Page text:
Big problem with the whole "Single player units not in multiplayer" to deliver richness, is that the game is damn near impossible for a first time RTS player. Every person who I've known who loves space, sc-fi and intricate plots of rebellious double-crossing martyr heroines and epic ancient superpowers, gives the single player a go, may or may not complete it, and never transition to multiplayer because the mechanics are nonsense to them.

Although I'm not exactly complaining, I'm just stating that it's difficult for a person to enjoy the whole game without previous training grounds like sc1, bw, wc3/tft, and perhaps more updated RTS's like 40k games.

Overall I do personally find that the game is excellent with amazing after-sale support in patch and updates adding balance and game fluidity and the single player enhanced by all the optional achievements as well as the rather enjoyable storyline.
Posted 08:39pm 18/11/11
Hmm I know a few people who never played online RTS before sc2, and played the s*** out of it - trog probably most prominently?
Posted 08:52pm 18/11/11
Don't worry I played Age of Empires before Skythra so I'll be awesome
Posted 09:09pm 18/11/11
starcraft multiplayer is only good for custom games so who cares about unit balance trolol
Posted 02:50am 19/11/11
Not sure if you're disagreeing with what they said about the game, or disagreeing with my sample of friends being relevant..

If you're saying that "SC2 has a very easy to learn, hard to master" which is a pretty large mantra from blizzard in general, I'd say this clearly is the mindset of games like WoW, but not as strong with SC2.

I'd call SC2 uncompromising. Which is perhaps the reason of it's current e-sports success.
Posted 07:16am 19/11/11
I bought SC2. Played about 1 hour of singleplayer, then went to multiplayer and played 1 custom match and one test match thing. Have not touched the game since. Hate what RTS's have turned into now. Where's my AoE.
Posted 10:38am 19/11/11
If you're saying that "SC2 has a very easy to learn, hard to master" which is a pretty large mantra from blizzard in general, I'd say this clearly is the mindset of games like WoW, but not as strong with SC2.
Wow, I would definitely say SC2 is hard to master. I played a lot of MP and every time I felt like I was getting somewhere skill-wise, I'd get pitched against someone that would put in my place so efficiently and ruthlessly that I had to crawl back to Solitaire while the shell shock wore off.

I am not really sure of the point of your original post - are you talking about MP or SP or just the game in general?

I didn't finish the SP campaign, not because I wasn't really enjoying the gameplay, but I just find it basically impossible to pay attention to SP games any more (since, oh, December 1993 this has been a problem for me). I got maybe 6 missions in and then just gave up and moved over to MP.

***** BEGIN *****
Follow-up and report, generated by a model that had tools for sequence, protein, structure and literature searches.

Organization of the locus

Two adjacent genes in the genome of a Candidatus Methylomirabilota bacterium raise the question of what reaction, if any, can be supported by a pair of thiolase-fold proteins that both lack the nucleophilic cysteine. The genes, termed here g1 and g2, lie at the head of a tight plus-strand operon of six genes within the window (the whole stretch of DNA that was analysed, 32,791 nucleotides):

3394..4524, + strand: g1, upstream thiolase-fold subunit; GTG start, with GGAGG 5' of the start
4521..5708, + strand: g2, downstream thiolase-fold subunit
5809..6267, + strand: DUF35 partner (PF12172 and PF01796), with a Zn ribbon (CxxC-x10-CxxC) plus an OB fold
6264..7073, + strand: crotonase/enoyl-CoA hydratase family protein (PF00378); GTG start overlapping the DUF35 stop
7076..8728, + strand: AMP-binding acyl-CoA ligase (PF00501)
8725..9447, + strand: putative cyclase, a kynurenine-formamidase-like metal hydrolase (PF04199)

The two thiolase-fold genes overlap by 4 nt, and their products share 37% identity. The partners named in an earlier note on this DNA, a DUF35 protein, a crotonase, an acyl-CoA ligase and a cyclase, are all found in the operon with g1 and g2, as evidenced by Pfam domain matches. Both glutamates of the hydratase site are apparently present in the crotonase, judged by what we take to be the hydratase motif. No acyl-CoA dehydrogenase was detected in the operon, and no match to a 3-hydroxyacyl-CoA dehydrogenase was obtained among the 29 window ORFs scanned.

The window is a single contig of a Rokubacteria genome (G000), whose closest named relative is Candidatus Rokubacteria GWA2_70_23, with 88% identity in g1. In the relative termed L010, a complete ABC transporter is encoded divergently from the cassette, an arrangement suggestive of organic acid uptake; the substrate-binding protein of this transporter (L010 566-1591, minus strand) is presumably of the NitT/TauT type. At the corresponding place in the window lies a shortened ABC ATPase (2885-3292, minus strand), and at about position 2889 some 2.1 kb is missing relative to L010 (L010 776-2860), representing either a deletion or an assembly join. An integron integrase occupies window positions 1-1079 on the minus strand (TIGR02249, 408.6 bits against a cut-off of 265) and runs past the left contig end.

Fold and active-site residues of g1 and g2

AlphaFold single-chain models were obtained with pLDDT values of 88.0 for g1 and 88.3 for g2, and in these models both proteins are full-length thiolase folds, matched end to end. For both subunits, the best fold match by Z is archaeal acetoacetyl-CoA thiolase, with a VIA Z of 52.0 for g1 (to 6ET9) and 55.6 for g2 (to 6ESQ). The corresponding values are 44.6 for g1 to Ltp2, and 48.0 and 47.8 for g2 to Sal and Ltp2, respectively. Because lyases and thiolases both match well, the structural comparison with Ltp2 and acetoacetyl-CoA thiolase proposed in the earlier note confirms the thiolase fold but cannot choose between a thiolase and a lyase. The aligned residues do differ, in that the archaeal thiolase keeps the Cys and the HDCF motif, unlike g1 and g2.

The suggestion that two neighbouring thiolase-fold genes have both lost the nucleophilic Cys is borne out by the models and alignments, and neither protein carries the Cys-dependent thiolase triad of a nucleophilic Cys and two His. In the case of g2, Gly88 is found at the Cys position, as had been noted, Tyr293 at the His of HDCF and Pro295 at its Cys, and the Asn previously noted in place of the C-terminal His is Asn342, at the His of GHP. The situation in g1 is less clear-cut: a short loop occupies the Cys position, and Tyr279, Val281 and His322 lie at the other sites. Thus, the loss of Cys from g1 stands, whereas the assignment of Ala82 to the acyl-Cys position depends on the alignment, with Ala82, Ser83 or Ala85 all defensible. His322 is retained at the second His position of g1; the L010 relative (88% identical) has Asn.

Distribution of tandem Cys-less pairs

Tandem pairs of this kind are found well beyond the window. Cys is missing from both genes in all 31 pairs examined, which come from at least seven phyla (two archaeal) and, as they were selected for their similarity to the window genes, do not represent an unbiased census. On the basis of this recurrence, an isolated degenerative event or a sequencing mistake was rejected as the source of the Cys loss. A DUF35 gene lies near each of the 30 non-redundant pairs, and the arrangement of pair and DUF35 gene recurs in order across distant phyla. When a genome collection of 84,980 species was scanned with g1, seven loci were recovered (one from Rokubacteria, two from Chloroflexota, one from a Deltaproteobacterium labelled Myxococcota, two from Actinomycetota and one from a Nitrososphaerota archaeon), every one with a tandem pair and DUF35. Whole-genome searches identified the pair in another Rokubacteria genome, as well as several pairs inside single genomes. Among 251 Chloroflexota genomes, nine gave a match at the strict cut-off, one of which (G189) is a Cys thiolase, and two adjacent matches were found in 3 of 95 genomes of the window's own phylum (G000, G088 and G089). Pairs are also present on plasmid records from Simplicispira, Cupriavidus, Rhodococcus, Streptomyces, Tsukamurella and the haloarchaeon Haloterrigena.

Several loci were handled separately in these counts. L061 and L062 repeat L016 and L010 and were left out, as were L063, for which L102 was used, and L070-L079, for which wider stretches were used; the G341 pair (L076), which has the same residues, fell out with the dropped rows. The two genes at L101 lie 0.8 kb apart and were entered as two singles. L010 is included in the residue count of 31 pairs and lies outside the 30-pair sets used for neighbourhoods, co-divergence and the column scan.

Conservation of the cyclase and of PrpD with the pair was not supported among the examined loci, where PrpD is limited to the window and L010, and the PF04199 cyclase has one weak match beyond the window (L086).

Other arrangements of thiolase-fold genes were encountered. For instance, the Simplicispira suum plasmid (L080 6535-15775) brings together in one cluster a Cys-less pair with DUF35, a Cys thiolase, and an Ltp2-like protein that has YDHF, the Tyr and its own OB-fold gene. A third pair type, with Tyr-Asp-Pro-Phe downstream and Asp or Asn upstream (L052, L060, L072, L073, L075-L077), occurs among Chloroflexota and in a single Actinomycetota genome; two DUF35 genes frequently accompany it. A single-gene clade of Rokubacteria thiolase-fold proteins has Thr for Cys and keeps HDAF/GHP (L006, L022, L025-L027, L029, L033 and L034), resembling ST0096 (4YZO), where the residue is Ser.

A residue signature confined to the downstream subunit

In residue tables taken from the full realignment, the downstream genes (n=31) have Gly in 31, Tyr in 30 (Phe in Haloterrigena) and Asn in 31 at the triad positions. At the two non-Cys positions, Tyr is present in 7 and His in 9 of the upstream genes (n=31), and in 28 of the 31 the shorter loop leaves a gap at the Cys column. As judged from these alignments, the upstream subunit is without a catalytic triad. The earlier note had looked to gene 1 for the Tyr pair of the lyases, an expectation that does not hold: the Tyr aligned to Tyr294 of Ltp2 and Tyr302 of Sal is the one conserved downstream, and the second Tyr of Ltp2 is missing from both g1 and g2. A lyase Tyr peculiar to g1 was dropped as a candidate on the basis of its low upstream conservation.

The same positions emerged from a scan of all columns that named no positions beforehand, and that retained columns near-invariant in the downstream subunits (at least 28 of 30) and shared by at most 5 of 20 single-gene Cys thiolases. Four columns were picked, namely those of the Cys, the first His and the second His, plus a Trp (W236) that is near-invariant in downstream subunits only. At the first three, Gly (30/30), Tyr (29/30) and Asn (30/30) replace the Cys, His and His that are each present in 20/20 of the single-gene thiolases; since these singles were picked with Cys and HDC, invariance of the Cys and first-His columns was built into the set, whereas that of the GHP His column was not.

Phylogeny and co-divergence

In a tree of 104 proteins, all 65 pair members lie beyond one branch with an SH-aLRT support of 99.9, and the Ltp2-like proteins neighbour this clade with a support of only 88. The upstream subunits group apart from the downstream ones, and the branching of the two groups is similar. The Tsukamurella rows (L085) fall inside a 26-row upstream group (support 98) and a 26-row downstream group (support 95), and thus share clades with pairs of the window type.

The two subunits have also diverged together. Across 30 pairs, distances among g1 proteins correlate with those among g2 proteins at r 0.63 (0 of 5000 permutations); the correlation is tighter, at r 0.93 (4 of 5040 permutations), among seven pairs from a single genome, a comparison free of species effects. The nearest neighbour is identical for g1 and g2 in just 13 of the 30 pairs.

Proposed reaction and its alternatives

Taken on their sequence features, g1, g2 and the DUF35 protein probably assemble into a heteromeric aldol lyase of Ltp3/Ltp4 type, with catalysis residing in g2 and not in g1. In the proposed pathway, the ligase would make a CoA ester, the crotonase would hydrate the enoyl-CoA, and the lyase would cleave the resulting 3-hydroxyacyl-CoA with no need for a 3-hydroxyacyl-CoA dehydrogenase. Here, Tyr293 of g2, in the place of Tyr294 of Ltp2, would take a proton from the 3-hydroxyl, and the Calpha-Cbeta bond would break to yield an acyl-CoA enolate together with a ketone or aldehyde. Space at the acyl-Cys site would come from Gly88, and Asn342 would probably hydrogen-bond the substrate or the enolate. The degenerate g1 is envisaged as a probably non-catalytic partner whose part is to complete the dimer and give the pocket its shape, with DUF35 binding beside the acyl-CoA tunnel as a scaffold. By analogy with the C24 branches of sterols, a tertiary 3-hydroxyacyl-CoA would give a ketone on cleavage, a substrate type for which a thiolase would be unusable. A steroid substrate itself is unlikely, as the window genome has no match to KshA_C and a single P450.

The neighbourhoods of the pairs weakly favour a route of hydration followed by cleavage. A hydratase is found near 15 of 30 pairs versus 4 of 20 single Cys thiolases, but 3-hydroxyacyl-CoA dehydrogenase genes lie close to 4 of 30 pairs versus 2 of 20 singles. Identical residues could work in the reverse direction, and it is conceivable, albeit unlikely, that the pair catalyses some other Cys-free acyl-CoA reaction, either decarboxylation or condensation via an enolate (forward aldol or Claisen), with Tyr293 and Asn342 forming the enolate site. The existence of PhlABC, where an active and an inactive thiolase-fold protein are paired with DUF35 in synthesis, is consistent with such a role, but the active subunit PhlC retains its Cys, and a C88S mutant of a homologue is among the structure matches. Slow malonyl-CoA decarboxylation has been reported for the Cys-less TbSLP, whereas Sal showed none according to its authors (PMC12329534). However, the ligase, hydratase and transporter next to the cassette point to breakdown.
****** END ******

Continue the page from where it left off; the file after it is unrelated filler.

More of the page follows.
Posted 03:40pm 19/11/11
nar cbf'ed ... try moderating by removing what you dont like not the whole post f*****g incest product
Posted 09:18am 20/11/11
not to mention wow was easy to learn, easy to master, it just souly depended on how many hours you wanted to sink into it, skill had 0 to do with wow.
Posted 12:40pm 20/11/11
One thing separated SC2 from other RTSs is how it destroyed custom games.
Posted 10:56am 02/12/11
I dont get this. Not one single bit.....

SC2 is the only remaining RTS that retains the essential RTS qualities of the original and the best RTS games that have ever been made.

Command and Conquer, the original SC, Warcraft,

All these modern RTS games have completely lost their touch, like DOW2, it is not an RTS at all, neither is C&C4.

I love SC2 because of how easy it is to play, and how simple it is. It is EXACTLY like the RTS games of the mid-late 90s that I hold so dearly.
Posted 10:59am 02/12/11
SC2, as well as W3, have defined custom games. Players have created entire games themselves via custom games, it is absolutely amazing what some people have done.

I do not understand all the hate on SC2 in these comments. I am not even a hardcore SC2 player, i love the game and play as often as I am able, but I am not like those people who do it for a living.

SC2 Multiplayer is all about having the right strategy, not only for building your own base, but for countering the strategy of your opponents, and unfortunately, in team games, a lot of it depends on your team also having a good strategy.

If you think you can just jump into MP and start pumping out whatever comes to mind with no thought at all, then you will not last 5 minutes.
Posted 11:06am 02/12/11
ruse is an rts, and it is good,

alot smaller field than others, and almost a dark reign but much pretty and based in WW2 feel